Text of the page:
It is also interesting to note that the political values given most importance by respondents are respectively popular in this order: Justice, freedom, equality, and solidarity. For students, freedom is the most important political value.

One thing which needs to be analysed further is the social ramifications of the large numbers of non-Maltese citizens living on the island, who did not form part of the research population.

The survey clearly shows that despite the criticism towards political parties, they are major institutions and sources of identity in Malta. As things stand, they are here to stay: And judging by recent elections and surveys, the 2-party dominance is not under threat. It enjoys popular consent by most of the population.

In turn, Labour has a considerable and consistent power bloc, where it manages to unite a broad coalition behind its banner. I am reliably informed that as the general election looms closer, Labour is accelerating its power of incumbency with pre-electoral manoeuvres. No surprise here: This is an old tactic used by parties when in Government. 

Here one may ask, and rightly so, what about civil society? It is quite clear that Malta has a vibrant civil society, made up of a wide range of organisations which engage in activism including through protests, sectoral lobbying, and voluntary work. For various reasons, some attract prominent coverage on the media, others are more active behind-the-scenes within the corridors of power, and others are present on the ground with communities far away from the spotlight of spectacle. Some single-issue impacts or victories are made along the way, yet Malta’s electoral landscape remains predominantly red.

In this context, the Government often co-opts grievances into its decision-making repertoire, by saying that it listened. Again, this tactic, which is an essential part of democracy, has been used in various instances under other administrations.

The 2008-13 legislature saw the dismantling of the Nationalist era and the birth of Labour’s hegemonic formation from the opposition benches. It is quite clear that today’s Nationalist Party has not reached a similar stage from its opposition benches, and it is unlikely whether it will do so in the foreseeable future, all other things being equal. I discussed some reasons for this in my article in the Malta Independent on 13th May. In the meantime, the latest MaltaToday survey, published last Sunday, shows that the gap between PL and PN is of around 48,000 votes. Hence, single-issue antagonisms to keep being played out in a red landscape.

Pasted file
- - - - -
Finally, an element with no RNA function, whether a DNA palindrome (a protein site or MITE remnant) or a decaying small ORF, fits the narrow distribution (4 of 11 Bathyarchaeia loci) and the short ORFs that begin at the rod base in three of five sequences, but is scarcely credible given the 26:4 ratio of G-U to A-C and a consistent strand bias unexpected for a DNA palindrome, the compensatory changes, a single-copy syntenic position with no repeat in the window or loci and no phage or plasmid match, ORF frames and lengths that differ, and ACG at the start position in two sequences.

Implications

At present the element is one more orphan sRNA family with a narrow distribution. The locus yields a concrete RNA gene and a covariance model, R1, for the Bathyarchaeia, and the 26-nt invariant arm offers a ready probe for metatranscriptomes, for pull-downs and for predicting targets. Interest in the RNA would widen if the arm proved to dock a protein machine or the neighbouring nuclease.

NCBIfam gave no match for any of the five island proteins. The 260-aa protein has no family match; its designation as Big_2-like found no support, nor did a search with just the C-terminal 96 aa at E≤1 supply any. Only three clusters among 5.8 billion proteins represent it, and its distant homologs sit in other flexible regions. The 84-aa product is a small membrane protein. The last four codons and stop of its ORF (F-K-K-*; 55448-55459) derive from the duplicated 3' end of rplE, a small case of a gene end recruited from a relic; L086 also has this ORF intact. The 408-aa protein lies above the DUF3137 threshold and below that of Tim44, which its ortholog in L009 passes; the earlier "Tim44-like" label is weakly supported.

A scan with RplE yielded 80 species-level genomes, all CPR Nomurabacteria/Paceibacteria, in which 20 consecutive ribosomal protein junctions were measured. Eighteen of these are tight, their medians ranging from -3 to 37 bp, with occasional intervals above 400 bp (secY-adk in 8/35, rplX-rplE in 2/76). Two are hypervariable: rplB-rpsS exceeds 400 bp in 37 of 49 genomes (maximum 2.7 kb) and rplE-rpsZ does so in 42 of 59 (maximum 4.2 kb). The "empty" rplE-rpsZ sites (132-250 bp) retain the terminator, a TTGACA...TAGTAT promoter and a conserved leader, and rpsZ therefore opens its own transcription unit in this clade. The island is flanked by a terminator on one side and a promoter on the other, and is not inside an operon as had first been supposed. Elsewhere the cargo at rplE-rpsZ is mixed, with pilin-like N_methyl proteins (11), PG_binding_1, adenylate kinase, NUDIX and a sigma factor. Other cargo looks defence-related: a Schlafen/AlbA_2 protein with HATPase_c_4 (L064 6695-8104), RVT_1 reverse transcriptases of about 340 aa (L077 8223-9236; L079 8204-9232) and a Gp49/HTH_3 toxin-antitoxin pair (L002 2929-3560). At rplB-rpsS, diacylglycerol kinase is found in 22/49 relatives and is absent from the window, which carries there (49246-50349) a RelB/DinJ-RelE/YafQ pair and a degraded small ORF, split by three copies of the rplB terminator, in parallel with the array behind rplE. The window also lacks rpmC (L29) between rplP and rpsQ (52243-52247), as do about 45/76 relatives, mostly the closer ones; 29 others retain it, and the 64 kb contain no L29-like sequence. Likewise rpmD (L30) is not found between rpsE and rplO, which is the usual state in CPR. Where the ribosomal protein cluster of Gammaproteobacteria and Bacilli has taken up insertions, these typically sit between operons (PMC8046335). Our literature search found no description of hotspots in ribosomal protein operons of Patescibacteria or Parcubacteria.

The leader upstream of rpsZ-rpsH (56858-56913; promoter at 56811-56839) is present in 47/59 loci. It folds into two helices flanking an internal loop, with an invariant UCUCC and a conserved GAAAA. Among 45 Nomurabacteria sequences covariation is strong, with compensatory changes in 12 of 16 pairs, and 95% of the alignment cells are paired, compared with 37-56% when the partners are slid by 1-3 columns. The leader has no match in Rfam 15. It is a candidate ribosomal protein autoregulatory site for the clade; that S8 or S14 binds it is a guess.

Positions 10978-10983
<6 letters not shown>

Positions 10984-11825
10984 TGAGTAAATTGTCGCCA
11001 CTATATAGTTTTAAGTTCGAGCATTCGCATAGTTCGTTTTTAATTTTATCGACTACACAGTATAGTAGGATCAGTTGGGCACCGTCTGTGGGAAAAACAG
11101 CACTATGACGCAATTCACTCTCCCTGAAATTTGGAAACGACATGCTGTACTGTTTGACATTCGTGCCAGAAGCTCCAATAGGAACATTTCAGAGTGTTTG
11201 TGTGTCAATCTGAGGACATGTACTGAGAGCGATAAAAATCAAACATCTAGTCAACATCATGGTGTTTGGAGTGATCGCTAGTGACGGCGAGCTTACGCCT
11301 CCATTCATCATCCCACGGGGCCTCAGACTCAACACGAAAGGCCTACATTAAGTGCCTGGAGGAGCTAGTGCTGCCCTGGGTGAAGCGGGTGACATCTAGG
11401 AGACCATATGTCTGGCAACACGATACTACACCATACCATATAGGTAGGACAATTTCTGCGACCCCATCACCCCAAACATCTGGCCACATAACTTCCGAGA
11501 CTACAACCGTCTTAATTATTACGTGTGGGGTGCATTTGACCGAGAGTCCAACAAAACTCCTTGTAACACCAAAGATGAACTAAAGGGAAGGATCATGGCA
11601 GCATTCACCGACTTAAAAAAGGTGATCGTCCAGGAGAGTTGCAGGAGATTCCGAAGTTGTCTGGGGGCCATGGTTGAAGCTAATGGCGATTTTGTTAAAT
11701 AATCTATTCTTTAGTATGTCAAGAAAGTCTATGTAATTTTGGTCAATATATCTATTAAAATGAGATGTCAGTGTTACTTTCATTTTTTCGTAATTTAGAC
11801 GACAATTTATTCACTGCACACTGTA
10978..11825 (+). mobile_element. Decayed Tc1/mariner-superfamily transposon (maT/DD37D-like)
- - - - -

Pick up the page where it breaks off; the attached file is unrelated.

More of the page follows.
In the final instance it is general elections which give the ultimate form of power in governance. And even here, there is no ‘essential’ or pre-determined direction. Internal and external factors, opportunities and constraints, unintended consequences and mere incidents of history take place during the political journey.  

Even though non-party contention is a vital and innovative pillar of democracy, political parties are essential agents of political change in Malta’s polity. It is no coincidence that various civil society demands are more likely to have social impacts when involving party political entrepreneurs, both directly and/or indirectly.

In sum, I cannot help emphasizing that society is not just made up of the bubbles and echo-chambers which often have the loudest voices in the public sphere. Grounded social-scientific research, through various methods and tools is imperative for political parties aspiring for electoral victory. Gone are the days where a backroom of elites from the same social background has a monopoly of truth.


Dr Michael Briguglio is a Sociologist and Senior Lecturer at the University of Malta.